Working for the UNESCO preparatory study of the Angkor region, Mrs Moore used the

same technique, of which she gave several graphic examples, to identify 68 habitation

mounds in the vicinity of the Angkorian vanished cities. These moats were used as

water tanks and allowed increasing concentrations of population.

The research on the prehistoric settlements of the northern part of the Khmer lands

is all the more important as it is the area where water control techniques were gradually

established and improved, leading to the Angkorian accomplishments. When the kings

left the Angkor region (around 1431) they settled in the Mekong plain where flatness

precludes sophisticated water control. There was a drop in resources, power, prestige

and so forth. Surawadee Ittaratana then brought some information on how SPOT satellite

photographs may be interpreted in support of archaeological research.

Michael Vickery, who teaches in Penang University, gave most of his paper on Pre-Angkor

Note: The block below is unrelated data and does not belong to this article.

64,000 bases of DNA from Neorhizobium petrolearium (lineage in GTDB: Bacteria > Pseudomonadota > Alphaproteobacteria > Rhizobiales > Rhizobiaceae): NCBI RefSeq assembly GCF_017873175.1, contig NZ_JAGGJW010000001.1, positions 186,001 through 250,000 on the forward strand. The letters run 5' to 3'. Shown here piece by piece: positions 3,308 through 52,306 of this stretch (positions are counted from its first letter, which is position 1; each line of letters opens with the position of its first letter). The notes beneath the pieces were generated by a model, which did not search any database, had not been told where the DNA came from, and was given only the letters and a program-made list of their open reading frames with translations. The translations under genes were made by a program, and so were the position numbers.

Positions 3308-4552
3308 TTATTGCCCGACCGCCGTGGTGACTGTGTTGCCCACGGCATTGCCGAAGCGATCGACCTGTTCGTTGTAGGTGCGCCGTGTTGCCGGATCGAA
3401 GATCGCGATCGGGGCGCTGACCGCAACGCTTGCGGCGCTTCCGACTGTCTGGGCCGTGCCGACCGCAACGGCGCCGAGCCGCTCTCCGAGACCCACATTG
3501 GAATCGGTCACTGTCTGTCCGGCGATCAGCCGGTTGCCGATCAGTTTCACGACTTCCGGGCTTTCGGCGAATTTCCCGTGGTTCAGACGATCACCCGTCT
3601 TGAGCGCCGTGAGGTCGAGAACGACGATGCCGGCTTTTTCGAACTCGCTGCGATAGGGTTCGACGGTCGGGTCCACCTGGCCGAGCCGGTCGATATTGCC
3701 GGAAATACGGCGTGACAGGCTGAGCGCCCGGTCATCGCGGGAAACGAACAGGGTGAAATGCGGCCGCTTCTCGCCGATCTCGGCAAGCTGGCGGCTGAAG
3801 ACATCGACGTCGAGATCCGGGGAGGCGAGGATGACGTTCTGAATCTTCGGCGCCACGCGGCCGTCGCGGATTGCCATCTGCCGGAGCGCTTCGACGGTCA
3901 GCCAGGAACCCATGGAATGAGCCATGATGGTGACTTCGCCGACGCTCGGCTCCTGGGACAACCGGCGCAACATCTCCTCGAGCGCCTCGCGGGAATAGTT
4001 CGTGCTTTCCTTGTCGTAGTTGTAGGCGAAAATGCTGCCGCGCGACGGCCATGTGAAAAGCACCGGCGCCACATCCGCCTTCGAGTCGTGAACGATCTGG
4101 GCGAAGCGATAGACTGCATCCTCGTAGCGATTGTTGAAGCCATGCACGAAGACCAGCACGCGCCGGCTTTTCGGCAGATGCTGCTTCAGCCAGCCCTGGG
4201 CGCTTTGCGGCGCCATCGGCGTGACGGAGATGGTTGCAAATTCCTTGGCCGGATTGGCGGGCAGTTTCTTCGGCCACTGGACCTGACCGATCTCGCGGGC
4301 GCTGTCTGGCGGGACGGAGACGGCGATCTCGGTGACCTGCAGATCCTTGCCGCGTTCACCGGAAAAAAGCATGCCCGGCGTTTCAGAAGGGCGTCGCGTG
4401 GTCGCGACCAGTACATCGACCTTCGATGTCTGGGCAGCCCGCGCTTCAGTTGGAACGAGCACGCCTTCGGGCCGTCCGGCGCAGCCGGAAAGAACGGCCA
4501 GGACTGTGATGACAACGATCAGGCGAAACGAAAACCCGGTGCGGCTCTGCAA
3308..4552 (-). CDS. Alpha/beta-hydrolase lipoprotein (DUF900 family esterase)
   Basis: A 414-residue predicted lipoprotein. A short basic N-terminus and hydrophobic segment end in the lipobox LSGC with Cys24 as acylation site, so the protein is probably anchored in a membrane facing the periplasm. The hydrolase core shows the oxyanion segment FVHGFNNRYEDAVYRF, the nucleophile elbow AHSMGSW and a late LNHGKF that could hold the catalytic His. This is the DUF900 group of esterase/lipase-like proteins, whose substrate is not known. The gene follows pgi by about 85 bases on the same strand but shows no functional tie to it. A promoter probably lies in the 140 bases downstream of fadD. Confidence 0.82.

inscriptions. For several years he has been arguing that historians should look first

at the documents of the period they want to study and help themselves only later

with the secondary sources, like late accounts by foreign travelers.

In the case of early Indochina history, the reverse was done. The histories of Funan,

Chenla, Champa were first written by Sinologists who tried to put together information

buried in old Chinese works. Vickery, logically, insists on working first with early

Khmer inscriptions. He said if Sanskrit inscriptions are usually of a religious character,

Khmer ones are administrative statements and can provide, if carefully analyzed,

a wealth of information on the political systems which prevailed in Cambodia before

and during Angkor.

It is impossible here to enter into details, if only because there may be no more

than 10 or 20 people in the world who have really mastered the old Khmer language.

He showed evidence of evolution in the status of local rulers and suggested dynastic

changes in Angkor may have been related to deep social changes, with the possible

replacement of an entire ruling aristocracy by another one.

This paper is only a small part of on-going research but one thing is sure: there

is still much room for research, and our understanding of ancient history should

be considered still rather provisional.

The subject then turned to art history. A Thai archaeologist from Silpakorn University

discussed a feature of some Angkorian temples called the "Khleang style".

A French architect, Bruno Bruguier, gave a lecture on the "superstructures"